I started from the Berkeley Campanile at 6:45 am, made my way over to Cedar St. and down to San Pablo Ave. I took San Pablo all the way to the Carquinez Bridge crossing into Vallejo. As usual, San Pablo, started full of potholes and traffic lights and evolved into rolling hills leading to the first climb at the factory in Rodeo. From there I jumped onto Sonoma Blvd. which became Curtola and lead me to Mare Island Way. I then had to briefly get the Freeway (not fun) for 1/2 mile in order to get onto Sears Point Rd. (CA 37). This 15 mile stretch took me over 3 bridges each of which had a progressively narrower shoulder, which is a lot of fun when the cars are racing by at 55-65 mph. However the area is quite beautiful and serene with no civilization whatsoever and a diverse population of waterfowl and other birds such as the Red-winged Blackbird. I also saw a hare who raced me for a bit, but I overtook him in the end.

In Novato, I had to take a hidden bike path following the rail to Bel Marin Keys Rd. leading to Alameda Del Prado. Again, another bike path hidden in the underbrush lead me along the 101 into San Rafael. I was able to take a pretty thorough tour of the city going down Las Gallinas, Los Ranchitos, and Lincoln, then cruising through downtown on 4th St. and D St. This became the second major climb over Wolfe Grade with a gorgeous descent on the other side. I then turned from Sir Francis Drake to Bon Air Rd., to Magnolia/Corte Madera/Camino Alto where I finally ran into a mass of other bikers doing some sort of bike swap. This lead to the main bike trail off of Blithedale Ave that goes clear into Sausilito; a gorgeous flat ride over the tidal marshes with plenty of Sandpipers along the way.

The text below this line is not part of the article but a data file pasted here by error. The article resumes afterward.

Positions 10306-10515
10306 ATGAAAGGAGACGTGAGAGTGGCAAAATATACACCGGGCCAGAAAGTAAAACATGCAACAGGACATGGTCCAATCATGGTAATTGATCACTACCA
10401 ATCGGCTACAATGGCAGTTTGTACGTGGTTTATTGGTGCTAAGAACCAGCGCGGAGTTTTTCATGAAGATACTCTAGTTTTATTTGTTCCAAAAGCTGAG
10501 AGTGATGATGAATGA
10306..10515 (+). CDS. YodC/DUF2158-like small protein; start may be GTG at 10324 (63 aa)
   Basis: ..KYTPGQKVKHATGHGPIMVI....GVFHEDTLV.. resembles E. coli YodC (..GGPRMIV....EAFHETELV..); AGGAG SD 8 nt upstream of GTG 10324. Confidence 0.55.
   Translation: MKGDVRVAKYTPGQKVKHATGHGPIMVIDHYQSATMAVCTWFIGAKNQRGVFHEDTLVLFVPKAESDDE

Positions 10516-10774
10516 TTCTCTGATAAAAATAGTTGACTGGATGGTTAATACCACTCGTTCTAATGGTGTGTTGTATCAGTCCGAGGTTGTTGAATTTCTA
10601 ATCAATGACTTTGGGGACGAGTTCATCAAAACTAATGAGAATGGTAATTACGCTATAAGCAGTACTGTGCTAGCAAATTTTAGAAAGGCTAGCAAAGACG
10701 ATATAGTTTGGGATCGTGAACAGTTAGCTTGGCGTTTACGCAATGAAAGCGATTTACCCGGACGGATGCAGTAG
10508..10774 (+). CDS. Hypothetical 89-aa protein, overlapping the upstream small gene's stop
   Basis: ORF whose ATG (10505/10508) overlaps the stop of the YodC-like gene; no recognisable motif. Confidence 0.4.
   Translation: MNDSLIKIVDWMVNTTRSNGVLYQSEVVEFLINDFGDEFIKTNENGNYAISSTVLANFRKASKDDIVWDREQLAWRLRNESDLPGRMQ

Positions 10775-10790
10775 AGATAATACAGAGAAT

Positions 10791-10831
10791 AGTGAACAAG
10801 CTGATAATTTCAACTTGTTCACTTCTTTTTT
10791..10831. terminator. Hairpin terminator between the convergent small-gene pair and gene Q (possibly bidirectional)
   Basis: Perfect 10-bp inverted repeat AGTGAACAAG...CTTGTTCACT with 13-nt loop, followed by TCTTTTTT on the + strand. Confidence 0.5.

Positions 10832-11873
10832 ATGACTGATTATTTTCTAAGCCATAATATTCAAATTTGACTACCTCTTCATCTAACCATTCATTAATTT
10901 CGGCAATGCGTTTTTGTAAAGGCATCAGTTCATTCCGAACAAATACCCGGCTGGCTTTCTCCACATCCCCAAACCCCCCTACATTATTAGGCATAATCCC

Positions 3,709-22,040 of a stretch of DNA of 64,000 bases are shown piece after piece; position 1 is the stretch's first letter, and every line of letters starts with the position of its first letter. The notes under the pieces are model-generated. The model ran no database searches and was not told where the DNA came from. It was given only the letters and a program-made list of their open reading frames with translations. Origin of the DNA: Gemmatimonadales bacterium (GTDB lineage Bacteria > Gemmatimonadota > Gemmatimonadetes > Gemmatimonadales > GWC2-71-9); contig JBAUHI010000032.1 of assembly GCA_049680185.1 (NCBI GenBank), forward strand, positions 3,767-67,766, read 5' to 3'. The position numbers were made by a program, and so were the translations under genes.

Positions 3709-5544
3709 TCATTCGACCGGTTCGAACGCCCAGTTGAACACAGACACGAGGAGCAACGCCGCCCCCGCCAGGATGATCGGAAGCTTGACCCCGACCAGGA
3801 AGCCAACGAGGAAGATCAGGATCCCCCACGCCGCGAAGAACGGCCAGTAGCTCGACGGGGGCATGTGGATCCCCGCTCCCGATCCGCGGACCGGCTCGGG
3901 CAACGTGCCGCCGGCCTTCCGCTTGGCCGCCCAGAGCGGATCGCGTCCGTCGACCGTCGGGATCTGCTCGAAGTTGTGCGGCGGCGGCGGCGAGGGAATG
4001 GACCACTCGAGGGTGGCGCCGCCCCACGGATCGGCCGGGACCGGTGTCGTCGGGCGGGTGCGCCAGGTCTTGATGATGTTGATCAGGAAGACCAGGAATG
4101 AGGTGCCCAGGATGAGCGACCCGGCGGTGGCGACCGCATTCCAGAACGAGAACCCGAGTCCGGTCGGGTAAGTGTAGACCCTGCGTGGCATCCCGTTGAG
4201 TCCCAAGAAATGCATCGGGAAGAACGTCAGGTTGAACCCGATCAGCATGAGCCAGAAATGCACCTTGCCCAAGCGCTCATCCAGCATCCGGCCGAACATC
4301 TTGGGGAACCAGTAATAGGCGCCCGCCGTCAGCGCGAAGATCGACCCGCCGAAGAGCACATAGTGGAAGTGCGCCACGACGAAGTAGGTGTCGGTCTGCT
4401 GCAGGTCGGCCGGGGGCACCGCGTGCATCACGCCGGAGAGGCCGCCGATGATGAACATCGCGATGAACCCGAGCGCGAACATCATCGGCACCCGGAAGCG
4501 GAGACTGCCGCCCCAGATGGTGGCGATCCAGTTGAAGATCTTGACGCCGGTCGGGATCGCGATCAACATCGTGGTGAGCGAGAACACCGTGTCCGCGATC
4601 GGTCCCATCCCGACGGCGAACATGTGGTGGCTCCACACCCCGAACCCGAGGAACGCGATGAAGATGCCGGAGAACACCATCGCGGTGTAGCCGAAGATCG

Along the climb up to the Golden Gate Bridge, I decided to detour through the tunnel across into the Marin Headlands to refill on water at the visitor's center. The tunnel is a bit intimidating as it's a one-lane road and the traffic was oncoming, but it has bike lanes. Still a bit scary to see a Ford F-150 barreling down on you and you have no idea if they can see you. On my way to the visitor's center, I saw a cat, but I realized it was way too big for a cat. In fact, it was a wildcat, probably a bobcat of some kind about twice the size of the domestic variety. I tried to take a picture but I think all I took was the brush and, of course, I nearly crashed in the process. Nevertheless, I refilled my water, and, seeing as it was only 11 am, I decided to make an extra climb up the backside of Hawk Hill to overlook the bridge. The climb was horrendous and left me pretty week, but I enjoyed the view from the bunker's as I ate my first peanut butter sandwich.